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Child/Adolescent Psychiatric Services (North-West)

9. Dr. John Pugh (Southport) (LD): How long the average waiting time for accessing child and adolescent psychiatric services in the north-west is. [255403]

The Minister of State, Department of Health (Phil Hope): Information from the annual children and adolescent mental health services—CAMHS—mapping exercise, conducted by Durham university for the Department of Health and the Department for Children, Schools and Families, indicates that NHS trusts in the North West Strategic Health Authority have waiting times for CAMHS that are better than average. During 2007-08, 91.6 per cent. of new referrals for CAMHS were seen within 13 weeks in the North West SHA area, compared with 87.4 per cent. in all strategic health authorities.

Dr. Pugh: I have a letter from a whistleblower who alleges a serious scandal in the north-west, citing CAMHS waiting lists of one year for serious and complex tier 3 needs, a lack of resources, a shortage of in-patient beds, and looked-after children being dumped in private homes. May I ask the Minister seriously to look further into the information that he has and to check its accuracy?

Phil Hope: I will certainly take away the information that the hon. Gentleman has presented this afternoon and respond to him in due course. I am aware that one of his constituents had to wait 12 months for referral to the children and family services. I understand that Sefton primary care trust is now working with Alder Hey Children’s NHS Foundation Trust to introduce waiting time initiatives to ensure that the PCT in the hon. Gentleman’s constituency meets the waiting-time targets across the borough. That includes extra temporary staff and introducing “choice and partnership”—a new system for the management and referral of patients. The hon. Gentleman has raised a serious point on the Floor of the House; I will take it away and write to him in due course.

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Mrs. Madeleine Moon (Bridgend) (Lab): The early intervention of child and adolescent mental health services is as serious an issue in the north-west as it is for the rest of the UK, as failure to access child and adolescent mental health services can lead to long-term mental health problems for youngsters. We know that between 10 and 20 per cent. of young people will have such long-term difficulties, which can lead to suicide, long-term mental health problems and self-medication with drugs and alcohol, so will my hon. Friend agree to look seriously at how we can bring about improvements to child and adolescent mental health services across the UK?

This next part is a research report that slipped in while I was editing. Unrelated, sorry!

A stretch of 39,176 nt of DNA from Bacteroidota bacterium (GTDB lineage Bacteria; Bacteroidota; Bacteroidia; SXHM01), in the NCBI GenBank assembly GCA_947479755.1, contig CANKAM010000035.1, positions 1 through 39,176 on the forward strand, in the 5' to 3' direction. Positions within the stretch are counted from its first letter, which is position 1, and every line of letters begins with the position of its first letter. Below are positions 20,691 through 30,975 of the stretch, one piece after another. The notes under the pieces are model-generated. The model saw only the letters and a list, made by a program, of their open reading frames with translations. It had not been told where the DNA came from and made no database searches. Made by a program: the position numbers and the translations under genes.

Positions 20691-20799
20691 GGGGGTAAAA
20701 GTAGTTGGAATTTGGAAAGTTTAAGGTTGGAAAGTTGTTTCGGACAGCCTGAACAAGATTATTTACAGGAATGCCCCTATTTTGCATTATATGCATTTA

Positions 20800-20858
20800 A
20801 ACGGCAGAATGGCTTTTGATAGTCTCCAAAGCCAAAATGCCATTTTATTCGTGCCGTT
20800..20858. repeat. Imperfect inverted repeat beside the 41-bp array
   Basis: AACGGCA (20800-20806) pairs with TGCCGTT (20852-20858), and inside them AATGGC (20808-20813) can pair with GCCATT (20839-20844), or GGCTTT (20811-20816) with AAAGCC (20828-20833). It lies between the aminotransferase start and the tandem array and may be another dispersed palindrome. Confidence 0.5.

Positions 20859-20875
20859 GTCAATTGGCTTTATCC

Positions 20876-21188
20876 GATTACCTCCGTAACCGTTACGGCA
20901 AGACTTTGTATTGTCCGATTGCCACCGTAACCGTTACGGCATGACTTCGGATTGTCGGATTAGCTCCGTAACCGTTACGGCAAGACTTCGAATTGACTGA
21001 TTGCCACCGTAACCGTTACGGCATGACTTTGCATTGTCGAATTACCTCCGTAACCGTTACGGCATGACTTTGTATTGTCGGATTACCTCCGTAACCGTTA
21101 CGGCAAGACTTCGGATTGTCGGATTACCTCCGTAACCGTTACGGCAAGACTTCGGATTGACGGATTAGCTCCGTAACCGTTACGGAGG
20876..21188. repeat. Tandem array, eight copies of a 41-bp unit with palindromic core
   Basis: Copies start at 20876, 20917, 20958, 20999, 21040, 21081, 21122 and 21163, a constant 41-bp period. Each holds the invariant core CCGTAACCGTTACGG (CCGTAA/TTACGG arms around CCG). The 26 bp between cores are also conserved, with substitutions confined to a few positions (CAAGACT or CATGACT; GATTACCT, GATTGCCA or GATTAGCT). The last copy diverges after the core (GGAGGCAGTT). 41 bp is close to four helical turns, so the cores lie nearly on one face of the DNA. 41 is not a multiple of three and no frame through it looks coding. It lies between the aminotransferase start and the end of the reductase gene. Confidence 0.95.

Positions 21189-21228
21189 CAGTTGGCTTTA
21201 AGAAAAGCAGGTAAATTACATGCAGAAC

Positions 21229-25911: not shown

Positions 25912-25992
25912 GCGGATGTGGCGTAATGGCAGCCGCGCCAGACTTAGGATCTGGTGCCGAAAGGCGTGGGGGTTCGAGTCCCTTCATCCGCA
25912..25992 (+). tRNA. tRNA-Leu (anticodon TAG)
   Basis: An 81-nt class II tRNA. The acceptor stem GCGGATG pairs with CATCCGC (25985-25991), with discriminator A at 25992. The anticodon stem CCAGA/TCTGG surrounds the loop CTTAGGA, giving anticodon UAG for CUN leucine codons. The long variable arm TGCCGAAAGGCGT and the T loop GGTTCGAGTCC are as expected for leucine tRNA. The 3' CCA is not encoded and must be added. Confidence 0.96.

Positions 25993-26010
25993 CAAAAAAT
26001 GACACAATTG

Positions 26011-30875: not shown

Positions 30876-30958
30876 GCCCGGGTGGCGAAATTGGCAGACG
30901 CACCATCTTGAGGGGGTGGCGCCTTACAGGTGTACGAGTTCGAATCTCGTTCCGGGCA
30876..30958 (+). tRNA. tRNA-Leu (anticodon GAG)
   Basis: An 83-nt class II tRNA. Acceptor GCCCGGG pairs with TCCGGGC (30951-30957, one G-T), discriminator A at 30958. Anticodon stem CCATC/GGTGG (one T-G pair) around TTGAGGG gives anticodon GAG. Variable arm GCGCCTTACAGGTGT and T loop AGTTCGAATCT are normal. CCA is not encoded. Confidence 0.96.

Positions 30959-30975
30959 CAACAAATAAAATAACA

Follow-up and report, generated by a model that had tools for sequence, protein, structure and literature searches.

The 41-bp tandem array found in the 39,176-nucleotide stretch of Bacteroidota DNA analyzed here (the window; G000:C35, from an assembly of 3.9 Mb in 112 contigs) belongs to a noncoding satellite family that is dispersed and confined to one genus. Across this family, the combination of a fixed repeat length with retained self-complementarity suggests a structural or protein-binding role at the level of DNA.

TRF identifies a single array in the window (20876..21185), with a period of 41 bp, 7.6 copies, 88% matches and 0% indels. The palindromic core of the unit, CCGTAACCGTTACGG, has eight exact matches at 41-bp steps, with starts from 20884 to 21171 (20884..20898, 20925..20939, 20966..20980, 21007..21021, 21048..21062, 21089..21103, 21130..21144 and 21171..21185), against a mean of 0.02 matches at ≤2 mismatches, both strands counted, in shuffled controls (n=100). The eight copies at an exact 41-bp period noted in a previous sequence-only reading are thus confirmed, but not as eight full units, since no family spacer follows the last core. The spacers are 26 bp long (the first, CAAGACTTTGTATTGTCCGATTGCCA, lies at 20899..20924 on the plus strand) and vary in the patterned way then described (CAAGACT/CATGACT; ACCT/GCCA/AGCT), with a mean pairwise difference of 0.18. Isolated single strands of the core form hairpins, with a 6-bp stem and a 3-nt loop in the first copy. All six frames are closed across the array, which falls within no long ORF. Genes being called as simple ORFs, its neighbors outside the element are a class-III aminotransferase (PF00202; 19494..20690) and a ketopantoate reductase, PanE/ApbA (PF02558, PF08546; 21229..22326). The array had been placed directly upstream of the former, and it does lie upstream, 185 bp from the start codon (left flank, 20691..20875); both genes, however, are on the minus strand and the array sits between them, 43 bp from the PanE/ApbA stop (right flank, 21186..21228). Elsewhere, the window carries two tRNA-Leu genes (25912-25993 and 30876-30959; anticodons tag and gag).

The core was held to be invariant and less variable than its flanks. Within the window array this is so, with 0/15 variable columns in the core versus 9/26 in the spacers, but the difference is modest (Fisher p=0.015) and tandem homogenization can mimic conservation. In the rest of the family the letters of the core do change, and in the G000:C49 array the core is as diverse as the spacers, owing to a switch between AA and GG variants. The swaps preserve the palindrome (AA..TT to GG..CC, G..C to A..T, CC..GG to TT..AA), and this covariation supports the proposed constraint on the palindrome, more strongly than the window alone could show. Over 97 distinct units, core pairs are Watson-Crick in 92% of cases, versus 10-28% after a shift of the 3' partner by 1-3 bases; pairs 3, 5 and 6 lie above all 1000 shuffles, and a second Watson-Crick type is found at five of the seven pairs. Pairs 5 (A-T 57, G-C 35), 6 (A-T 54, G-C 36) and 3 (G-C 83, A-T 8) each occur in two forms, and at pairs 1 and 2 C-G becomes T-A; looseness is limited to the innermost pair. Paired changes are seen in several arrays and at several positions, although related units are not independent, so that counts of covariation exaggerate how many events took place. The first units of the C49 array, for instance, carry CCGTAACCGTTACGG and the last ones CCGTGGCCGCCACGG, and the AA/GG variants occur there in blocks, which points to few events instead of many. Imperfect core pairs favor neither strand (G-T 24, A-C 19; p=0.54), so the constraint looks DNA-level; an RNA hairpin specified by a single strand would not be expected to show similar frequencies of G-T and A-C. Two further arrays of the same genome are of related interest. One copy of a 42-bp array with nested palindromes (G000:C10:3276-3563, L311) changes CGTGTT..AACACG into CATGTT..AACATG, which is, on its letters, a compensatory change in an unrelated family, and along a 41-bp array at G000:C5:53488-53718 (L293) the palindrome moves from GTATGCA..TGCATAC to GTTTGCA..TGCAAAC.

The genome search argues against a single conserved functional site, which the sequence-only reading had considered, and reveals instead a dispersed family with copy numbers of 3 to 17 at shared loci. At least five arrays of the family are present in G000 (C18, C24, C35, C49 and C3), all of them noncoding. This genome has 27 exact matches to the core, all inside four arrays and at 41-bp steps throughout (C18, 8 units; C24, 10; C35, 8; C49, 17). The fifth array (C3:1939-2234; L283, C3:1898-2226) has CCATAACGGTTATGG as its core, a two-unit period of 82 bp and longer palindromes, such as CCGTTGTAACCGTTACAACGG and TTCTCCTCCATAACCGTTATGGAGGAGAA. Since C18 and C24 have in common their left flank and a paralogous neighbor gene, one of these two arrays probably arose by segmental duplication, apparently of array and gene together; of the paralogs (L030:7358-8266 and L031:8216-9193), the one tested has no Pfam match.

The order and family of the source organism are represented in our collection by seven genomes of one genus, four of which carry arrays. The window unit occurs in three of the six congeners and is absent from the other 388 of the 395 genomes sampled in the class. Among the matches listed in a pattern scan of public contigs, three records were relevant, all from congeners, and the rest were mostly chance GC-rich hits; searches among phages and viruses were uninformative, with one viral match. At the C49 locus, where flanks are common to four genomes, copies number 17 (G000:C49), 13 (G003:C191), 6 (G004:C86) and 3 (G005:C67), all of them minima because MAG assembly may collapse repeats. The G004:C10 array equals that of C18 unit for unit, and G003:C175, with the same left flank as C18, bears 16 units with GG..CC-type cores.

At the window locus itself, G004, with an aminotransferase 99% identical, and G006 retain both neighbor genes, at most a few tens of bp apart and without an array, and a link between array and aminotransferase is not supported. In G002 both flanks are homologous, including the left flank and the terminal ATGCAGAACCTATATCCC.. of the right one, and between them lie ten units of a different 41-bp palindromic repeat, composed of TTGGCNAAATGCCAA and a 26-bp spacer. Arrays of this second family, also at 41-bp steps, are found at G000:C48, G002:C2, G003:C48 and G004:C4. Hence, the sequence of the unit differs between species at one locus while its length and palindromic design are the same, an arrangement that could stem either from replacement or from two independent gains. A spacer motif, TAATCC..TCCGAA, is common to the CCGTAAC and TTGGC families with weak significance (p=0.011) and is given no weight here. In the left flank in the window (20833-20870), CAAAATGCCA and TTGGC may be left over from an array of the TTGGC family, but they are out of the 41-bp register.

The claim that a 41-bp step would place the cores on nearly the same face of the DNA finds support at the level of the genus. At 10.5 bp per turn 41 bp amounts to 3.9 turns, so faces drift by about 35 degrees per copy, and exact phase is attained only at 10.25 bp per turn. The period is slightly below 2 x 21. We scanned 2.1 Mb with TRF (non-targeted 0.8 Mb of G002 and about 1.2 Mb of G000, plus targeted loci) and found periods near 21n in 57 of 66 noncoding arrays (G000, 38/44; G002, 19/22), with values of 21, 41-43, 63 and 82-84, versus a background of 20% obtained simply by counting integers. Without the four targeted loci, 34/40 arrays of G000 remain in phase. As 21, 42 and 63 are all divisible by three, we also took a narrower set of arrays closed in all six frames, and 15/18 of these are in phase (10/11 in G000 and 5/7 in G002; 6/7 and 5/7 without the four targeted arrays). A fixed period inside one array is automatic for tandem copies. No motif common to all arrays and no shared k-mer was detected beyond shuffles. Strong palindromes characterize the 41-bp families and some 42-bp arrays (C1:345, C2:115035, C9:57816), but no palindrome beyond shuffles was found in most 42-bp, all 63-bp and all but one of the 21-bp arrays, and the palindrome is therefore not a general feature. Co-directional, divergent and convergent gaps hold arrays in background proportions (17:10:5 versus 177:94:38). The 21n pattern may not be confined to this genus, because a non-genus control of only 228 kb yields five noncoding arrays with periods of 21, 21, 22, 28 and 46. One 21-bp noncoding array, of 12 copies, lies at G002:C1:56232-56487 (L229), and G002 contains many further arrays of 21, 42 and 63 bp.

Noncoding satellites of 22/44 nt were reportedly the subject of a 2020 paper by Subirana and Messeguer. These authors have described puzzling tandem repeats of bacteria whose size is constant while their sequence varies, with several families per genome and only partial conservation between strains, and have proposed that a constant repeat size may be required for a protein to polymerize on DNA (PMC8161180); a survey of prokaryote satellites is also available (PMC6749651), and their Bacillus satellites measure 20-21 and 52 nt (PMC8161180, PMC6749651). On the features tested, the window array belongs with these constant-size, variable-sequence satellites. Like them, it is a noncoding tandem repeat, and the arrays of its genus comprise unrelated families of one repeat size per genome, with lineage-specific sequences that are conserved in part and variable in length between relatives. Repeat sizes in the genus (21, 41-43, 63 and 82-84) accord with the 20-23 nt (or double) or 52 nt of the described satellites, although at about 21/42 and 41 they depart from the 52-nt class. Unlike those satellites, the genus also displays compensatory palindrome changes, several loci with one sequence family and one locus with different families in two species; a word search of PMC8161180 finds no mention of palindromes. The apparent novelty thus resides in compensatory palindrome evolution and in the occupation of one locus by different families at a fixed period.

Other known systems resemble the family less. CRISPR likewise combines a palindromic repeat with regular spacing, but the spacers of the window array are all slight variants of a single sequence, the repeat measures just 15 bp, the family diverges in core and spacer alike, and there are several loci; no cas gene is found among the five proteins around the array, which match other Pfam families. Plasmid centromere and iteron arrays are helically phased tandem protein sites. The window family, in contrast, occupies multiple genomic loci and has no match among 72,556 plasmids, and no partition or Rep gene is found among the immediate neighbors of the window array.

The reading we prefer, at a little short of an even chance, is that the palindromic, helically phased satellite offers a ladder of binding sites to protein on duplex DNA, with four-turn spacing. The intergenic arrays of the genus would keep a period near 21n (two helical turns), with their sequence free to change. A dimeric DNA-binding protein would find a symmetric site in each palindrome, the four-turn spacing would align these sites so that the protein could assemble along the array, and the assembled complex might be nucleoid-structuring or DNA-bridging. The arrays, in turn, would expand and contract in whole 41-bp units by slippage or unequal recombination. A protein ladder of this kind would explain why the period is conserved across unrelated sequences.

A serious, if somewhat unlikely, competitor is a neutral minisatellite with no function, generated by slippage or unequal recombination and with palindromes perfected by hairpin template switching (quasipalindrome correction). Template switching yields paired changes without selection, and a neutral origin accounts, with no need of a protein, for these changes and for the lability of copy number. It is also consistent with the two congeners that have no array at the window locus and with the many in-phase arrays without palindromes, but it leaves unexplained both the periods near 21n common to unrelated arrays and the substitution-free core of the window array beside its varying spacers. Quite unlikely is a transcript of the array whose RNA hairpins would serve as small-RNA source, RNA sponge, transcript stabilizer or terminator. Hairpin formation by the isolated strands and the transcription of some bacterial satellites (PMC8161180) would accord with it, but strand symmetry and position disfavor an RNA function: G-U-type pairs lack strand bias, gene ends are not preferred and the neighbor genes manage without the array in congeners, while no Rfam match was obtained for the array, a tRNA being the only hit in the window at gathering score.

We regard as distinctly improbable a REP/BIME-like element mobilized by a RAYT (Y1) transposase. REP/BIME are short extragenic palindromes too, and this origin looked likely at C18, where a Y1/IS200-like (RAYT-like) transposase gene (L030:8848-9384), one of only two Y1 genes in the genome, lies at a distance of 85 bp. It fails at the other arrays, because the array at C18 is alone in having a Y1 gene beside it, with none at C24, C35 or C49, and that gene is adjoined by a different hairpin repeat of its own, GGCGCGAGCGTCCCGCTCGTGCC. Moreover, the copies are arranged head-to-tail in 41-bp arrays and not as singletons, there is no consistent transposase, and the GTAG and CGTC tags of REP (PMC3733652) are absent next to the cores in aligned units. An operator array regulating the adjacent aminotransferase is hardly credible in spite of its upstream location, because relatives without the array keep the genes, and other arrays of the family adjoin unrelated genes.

Mr. Lindsay Hoyle (Chorley) (Lab): This is a north-west question.

Mr. Speaker: Order. The hon. Lady linked her question to the north-west, and she was entitled to raise it. It was a wee bit long for a supplementary; perhaps we could cut the supplementaries down a little.

Phil Hope: My hon. Friend the Member for Bridgend (Mrs. Moon) has raised the concerns in her constituency on many occasions both inside and outside the House. I am grateful and pleased that, so far as I am aware, all of them are not replicated in the north-west. I agree that gaining earlier access to services for children and adolescents with mental health problems is a serious matter. We have undertaken a review of this country’s child and adolescent mental health services; funding went up from £322 million in 2003-04 to £523 million in 2006-07, and there has been a significant fall in the number of people waiting, along with shorter waiting times for CAMHS. However, there is more to be done and the Department will make sure that we press forward on these issues because our children and young people deserve the best mental health service that we can provide.

Norman Lamb (North Norfolk) (LD): How can the Minister justify the fact that someone with a physical health condition will have an operation within 18 weeks of referral from a GP, whereas someone suffering from a mental health condition can find themselves waiting—as my hon. Friend the Member for Southport (Dr. Pugh) said, in the north-west and in many other parts of the country—sometimes more than a year for cognitive behaviour therapy and other NICE-approved therapies, particularly when we know that early intervention is very important in aiding recovery? Is it not about time that we ended this discrimination in the health service—for that is what it is—and ensured that people with mental health problems had an entitlement to access treatment?